About 9 in 10 patients were able to successfully use the pen, with most failures taking place during device setup. One error was removing the needle cap manually from the pen rather than extending the injector shield. In one case, a patient also removed the device from the thigh before the medication was administered, which rendered the device unusable. However, 94% of patients preferred the pen over the prefilled syringe.
Biogen is assessing the safety and efficacy of Avonex and its other interferon-based therapy, Plegridy, in children and adolescents in an ongoing Phase 3 trial (NCT03958877). A total of 142 patients, ages 10 to 17, with RRMS, are expected to take part. The participants will receive treatment for 96 weeks after which they can continue to receive Plegridy for two more years in a long-term extension phase.
The main goals are to determine the annualized relapse rate and safety. However, investigators also will examine changes in brain lesions, cognition, disability status, and quality of life, as well as time to first relapse. The study is expected to conclude in 2029.
The most common side effects of Avonex in clinical trials were flu-like symptoms, such as:
Avonex may cause mental health problems such as depression, psychosis, and suicidal ideation, or thoughts about suicide. These symptoms should immediately be discussed with the care team, and discontinuation may be considered.
Some people may experience allergic reactions to Avonex or its components. The treatment should not be used in people with known allergies to the medication, and should be discontinued if an allergic reaction occurs.
Injection site reactions also may occur, which in some cases can lead to the death of nearby tissue. Avonex should not be given into an affected area until the skin lesion has resolved.
Avonex may cause liver damage. Liver health should be monitored while on Avonex, and the medication stopped if concerning findings are noted.
Heart health also should be tracked in patients with pre-existing heart conditions, as this medicine may worsen some of these diseases.
Post-marketing studies of Avonex have shown that the medication may lower the number of blood cells. Routine assessments of complete blood counts and platelet counts are recommended during treatment with Avonex.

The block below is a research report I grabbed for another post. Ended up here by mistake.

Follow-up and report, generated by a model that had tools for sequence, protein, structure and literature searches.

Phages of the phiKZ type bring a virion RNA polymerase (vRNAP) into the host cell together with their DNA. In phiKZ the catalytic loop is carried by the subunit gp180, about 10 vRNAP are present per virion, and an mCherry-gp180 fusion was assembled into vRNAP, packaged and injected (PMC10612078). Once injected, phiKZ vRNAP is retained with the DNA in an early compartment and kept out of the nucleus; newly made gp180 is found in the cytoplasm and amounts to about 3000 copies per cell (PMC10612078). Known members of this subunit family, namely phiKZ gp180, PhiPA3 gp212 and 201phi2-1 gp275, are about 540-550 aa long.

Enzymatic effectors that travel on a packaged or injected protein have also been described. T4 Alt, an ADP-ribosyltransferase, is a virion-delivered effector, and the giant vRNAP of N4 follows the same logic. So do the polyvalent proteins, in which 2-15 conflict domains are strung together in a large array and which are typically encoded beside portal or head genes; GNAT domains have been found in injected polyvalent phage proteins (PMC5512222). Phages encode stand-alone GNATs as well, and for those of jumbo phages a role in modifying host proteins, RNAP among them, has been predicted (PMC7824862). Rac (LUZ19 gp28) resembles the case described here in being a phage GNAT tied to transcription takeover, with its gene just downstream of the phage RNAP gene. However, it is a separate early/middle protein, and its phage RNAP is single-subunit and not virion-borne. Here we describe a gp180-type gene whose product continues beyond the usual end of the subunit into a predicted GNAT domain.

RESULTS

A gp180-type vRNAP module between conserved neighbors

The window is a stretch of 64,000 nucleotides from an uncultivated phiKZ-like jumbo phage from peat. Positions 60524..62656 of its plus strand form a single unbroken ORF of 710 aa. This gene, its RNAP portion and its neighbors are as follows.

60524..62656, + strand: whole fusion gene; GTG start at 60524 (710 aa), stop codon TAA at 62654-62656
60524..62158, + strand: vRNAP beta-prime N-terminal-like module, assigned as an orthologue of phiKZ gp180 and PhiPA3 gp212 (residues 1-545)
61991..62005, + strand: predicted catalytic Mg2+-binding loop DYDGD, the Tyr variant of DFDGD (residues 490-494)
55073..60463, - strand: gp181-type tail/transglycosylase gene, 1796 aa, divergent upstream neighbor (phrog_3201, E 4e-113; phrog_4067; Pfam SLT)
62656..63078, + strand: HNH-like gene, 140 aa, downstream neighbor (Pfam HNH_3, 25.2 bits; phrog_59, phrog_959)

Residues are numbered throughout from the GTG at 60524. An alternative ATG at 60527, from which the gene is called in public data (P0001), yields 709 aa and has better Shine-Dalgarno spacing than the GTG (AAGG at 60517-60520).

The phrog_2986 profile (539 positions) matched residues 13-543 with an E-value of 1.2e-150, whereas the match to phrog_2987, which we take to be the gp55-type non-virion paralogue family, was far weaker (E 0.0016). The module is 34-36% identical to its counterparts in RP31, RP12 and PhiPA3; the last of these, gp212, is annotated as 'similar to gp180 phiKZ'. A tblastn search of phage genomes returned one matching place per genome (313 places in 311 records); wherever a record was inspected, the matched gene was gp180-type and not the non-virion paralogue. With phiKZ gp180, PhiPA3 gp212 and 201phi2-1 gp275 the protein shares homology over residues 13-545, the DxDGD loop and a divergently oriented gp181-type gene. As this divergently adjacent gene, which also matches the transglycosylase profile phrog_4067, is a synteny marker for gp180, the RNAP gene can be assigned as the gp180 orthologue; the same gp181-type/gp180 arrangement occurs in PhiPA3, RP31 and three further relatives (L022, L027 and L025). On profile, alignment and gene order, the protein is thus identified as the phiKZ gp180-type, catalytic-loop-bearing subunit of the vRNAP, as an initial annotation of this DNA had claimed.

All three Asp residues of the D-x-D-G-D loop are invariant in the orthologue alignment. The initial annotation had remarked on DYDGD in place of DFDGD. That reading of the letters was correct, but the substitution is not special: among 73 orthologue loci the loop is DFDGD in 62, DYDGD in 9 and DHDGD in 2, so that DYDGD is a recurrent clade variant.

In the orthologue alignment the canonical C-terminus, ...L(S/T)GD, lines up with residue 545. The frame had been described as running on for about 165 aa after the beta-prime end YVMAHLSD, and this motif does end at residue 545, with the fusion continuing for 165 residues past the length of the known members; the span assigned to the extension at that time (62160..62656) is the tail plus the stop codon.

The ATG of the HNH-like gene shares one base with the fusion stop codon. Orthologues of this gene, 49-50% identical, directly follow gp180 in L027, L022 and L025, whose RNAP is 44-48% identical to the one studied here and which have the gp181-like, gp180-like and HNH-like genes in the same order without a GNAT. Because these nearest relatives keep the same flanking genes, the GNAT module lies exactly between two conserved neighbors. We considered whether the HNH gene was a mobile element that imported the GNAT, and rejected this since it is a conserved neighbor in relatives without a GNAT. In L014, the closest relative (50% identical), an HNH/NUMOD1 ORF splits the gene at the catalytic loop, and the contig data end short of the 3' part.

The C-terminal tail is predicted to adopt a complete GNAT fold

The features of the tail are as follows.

Cases of thrombotic microangiopathy, a condition in which blood clots cause damage to the body’s small blood vessels, have been reported in patients on Avonex. If signs of this disease are noted, the treatment should be discontinued.
Based on post-marketing reports, patients taking Avonex may develop a number of autoimmune conditions affecting multiple organs. These include idiopathic thrombocytopenia, a condition that results in low platelet levels and easy bruising, thyroid diseases, and autoimmune hepatitis. Discontinuation should be considered if patients develop a new autoimmune disease.
Avonex may be used with caution in patients who are pregnant or breastfeeding; patients who are or plan to become pregnant should discuss the benefits and risks of continuing receiving treatment with their healthcare team.
Multiple Sclerosis News Today is strictly a news and information website about the disease. It does not provide medical advice, diagnosis, or treatment. This content is not intended to be a substitute for professional medical advice, diagnosis, or treatment. Always seek the advice of your physician or other qualified health provider with any questions you may have regarding a medical condition. Never disregard professional medical advice or delay in seeking it because of something you have read on this website.
Avonex was approved by the U.S. Food and Drug Administration in May 1996 for the treatment of adults with relapsing-remitting MS and active secondary progressive MS. Its use was expanded in 2003 to include clinically isolated syndrome. The Avonex Pen was approved in the U.S. in 2012.
Yes. While Avonex was previously not recommended for pregnant people, U.S. and European labels were updated in recent years to allow its use in pregnant and breastfeeding patients, where clinically necessary. The decisions were based on data from several European registries showing that exposure to interferon beta-based medications before conception or during the first trimester was not associated with fetal problems. However, people who plan to become pregnant should inform their healthcare provider and discuss the risks and benefits of continuing to receive this treatment during pregnancy.
Avonex may cause liver injury. As such, using this treatment with alcohol or other substances that also can damage the liver may increase the risk of liver problems. Patients who drink alcohol are advised to inform their healthcare providers before starting on this medication.
Some patients may see results as soon as six months after starting treatment. In the CHAMPS trial, which investigated Avonex against a placebo in nearly 400 patients with clinically isolated syndrome, a significant reduction in new brain lesions (both total and with active inflammation) could be observed as early as within six months. However, as each person may respond differently to a given medication, a discussion with a healthcare provider is recommended to better understand when and how Avonex is expected to help a particular patient.
While rare, hair loss and weight changes have been reported in clinical trials as possible side effects of Avonex. Individuals who experience such events should discuss these issues with their healthcare team.